- [0023]Embodiments will be described with reference to the following drawing figures, in which like numerals represent like items throughout the figures, and in which:
- [0024]
FIG. 1 is a block diagram of a serially concatenated conventional code (SCCC) decoding system that is useful for understanding the invention. - [0025]
FIG. 2 is a block diagram of an SCCC decoder that is useful for understanding the invention. - [0026]
FIG. 3 is a detailed block diagram of a specific realization of an inner decoder module that is useful for understanding the invention. - [0027]
FIG. 4 is a detailed block diagram of a depermutation module that is useful for understanding the invention. - [0028]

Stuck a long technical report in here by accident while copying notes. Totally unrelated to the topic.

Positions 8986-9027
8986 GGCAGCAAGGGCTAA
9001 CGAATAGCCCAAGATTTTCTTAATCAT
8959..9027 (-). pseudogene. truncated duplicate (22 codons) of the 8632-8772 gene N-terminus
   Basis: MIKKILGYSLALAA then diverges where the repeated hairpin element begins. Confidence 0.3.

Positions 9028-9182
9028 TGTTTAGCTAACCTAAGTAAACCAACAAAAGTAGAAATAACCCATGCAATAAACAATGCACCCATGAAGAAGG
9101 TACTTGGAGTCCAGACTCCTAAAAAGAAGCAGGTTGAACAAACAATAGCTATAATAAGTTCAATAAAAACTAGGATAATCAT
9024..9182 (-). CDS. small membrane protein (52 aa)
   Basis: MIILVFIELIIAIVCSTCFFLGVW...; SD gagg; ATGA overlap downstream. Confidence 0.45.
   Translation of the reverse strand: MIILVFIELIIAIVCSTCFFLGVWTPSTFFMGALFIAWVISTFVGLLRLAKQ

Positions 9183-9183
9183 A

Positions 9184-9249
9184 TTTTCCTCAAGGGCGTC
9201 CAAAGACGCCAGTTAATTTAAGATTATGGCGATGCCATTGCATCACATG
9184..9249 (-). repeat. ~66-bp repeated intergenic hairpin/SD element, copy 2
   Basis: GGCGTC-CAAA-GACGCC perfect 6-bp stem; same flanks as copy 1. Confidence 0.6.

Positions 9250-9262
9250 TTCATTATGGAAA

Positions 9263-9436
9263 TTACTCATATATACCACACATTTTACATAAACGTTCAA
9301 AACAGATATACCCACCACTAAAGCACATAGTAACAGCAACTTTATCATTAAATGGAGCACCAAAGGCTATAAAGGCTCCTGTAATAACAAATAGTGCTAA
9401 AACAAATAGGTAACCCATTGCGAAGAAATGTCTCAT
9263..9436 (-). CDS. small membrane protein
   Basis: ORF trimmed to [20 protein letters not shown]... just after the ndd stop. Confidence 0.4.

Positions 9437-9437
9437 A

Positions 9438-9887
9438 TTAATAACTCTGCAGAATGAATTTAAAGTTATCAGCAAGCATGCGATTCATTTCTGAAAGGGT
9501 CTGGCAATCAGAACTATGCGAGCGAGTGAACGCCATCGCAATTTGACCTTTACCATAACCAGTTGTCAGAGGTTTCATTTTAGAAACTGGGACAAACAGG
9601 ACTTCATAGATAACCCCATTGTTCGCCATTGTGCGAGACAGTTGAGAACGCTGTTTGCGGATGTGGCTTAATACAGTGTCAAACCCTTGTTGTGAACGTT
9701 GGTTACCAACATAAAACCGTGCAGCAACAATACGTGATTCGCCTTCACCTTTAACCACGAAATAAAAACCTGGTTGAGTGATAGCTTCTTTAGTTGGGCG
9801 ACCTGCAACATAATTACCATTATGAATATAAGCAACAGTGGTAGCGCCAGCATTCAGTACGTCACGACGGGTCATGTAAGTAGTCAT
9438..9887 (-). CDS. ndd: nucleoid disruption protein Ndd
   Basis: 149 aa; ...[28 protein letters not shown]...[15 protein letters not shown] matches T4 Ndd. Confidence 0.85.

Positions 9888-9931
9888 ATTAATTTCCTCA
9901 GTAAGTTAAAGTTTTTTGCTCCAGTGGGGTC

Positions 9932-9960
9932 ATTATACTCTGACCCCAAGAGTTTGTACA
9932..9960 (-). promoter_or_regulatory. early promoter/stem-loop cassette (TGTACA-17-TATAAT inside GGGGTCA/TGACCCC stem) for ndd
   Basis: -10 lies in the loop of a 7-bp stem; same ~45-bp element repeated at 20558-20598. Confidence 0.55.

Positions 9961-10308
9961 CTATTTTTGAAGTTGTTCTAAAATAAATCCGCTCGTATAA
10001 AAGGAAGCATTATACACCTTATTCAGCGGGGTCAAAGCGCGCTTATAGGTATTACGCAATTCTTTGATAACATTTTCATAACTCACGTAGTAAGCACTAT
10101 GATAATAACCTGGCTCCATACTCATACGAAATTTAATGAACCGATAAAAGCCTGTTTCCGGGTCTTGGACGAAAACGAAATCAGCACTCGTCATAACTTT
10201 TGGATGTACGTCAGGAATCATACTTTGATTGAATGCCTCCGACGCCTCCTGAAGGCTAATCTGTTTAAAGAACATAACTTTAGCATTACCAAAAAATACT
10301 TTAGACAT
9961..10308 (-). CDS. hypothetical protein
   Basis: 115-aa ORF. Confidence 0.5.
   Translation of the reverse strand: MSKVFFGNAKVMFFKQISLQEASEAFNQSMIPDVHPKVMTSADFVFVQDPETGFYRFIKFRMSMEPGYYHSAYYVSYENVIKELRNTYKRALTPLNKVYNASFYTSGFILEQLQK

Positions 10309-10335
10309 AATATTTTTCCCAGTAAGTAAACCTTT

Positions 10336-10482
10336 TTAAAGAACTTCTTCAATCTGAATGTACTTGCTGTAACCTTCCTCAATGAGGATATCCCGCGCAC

FIG. 5 is a detailed block diagram of a specific realization of an outer decoder module that is useful for understanding the invention. - [0029]
FIG. 8 is a detailed block diagram of a permutation module that is useful for understanding the invention. - [0030]
FIGS. 7A-7C collectively illustrate an operation of an SCCC decoder that is useful for understanding the invention. - [0031]
FIG. 8 is a block diagram of an SCCC encoder that is useful for understanding the invention. - [0032]
FIG. 9 is an illustration of two code blocks which are related based on a defined permutation sequence. - [0033]
FIG. 10A is a block diagram that is useful for understanding how a first depermutation table is used in the inventive arrangements. - [0034]
FIG. 10B is a block diagram that is useful for understanding how a second depermutation table is used in the inventive arrangements. - [0035]
FIG. 10C is a block diagram that is useful for understanding how a first permutation table is used in the inventive arrangements. - [0036]
FIG. 10D is a block diagram of that is useful for understanding how a second permutation table is used in the inventive arrangements. - [0037]